How much are longboard wheels usually priced?
One of our readers just asked us the first question we’ve ever received: how much do longboard wheels cost on average? So, Roy, thank you for your inquiry. And it’s a good one: knowing how much longboard wheels cost, and more importantly, why they cost so much, is crucial.
I’m sorry to disappoint you, but there is no simple answer to this topic : longboard wheels can cost anything from $10 and $100. That is due to the large number of different types of wheels available. Wheels for sliding, freeride, cruising, dancing, commuting, downhill, and other activities, for example. And they’re all distinct in terms of technological specifications, brand names, and price points. But let’s try to deconstruct it a little.
There are two key factors that influence the price of the wheel:
Materials used to construct the wheel
The wheel: two main parts
Before we go into the materials that longboarding wheels are composed of and their properties, let’s have a look at the two primary components of the wheels:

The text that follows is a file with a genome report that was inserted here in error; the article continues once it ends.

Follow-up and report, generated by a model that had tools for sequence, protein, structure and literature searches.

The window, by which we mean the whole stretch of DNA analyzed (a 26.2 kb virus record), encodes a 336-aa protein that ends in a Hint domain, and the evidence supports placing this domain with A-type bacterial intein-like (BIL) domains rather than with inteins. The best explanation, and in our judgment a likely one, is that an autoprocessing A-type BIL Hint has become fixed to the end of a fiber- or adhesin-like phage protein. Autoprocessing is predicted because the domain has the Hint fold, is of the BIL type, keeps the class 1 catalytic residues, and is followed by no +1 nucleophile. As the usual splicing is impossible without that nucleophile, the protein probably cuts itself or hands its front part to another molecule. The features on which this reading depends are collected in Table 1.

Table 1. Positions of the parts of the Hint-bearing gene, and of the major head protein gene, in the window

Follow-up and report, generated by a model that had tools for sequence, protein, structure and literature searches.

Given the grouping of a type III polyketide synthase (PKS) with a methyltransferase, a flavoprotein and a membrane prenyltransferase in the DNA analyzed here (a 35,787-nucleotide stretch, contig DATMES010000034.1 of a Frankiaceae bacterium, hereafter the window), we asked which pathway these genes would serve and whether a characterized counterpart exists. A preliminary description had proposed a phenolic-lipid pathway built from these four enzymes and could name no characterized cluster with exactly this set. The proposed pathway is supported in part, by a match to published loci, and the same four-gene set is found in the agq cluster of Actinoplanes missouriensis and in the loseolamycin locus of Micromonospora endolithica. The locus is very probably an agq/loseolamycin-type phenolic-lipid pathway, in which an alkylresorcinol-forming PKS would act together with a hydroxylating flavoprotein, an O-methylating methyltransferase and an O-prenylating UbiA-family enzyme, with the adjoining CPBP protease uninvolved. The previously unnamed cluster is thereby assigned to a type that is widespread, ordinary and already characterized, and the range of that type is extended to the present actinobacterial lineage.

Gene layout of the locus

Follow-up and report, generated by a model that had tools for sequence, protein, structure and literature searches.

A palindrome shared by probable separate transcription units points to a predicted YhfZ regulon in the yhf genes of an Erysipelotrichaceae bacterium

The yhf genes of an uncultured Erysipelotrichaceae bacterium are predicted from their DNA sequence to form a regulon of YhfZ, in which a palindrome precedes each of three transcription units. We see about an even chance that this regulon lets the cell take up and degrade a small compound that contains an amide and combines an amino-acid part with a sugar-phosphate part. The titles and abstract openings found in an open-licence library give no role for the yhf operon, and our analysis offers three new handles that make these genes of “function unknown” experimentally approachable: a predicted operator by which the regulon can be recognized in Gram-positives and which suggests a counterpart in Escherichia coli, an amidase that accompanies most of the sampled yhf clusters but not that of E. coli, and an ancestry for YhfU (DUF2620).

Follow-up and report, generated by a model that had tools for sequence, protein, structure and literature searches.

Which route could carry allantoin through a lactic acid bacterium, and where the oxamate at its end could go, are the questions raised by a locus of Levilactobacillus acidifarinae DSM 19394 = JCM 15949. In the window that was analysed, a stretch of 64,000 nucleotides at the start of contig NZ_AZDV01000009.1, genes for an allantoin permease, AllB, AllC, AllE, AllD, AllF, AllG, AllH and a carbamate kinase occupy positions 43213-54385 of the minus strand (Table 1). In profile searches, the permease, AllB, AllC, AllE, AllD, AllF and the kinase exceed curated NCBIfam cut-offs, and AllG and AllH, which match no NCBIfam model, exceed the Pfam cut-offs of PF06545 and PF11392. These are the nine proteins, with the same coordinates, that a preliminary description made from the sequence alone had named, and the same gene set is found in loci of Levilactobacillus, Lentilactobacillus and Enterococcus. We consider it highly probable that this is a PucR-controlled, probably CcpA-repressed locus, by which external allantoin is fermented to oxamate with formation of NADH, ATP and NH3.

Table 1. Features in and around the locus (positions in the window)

The Pour, also known as urethane or the wheel itself, is a type of urethane.
Please have a look at the picture of one of my wheels that I took (the wheel is a little dusty because I am now trying these out on one of my longboards) before I go into further depth about each part:
The green section of the wheel in the middle is known as ‘The Core,’ while the blue part, or the wheel itself, is known as ‘The Pour,’ or simply Urethane (referring to the material of which it is made of). I’ve also included a photo of my wheel from the back/inner side so you can see the two sections better.
So let’s get down to business with the descriptions of both portions. The blue huge blue portion of the wheel that we really sit on and slide down is known as ‘The Pour.’ This is the section of our longboard that determines how hard or soft we can ride. The Pour gets its name from the manner it’s formed: it’s made by pouring urethane (the wheel’s material) into a wheel-shaped form and turning it into a wheel.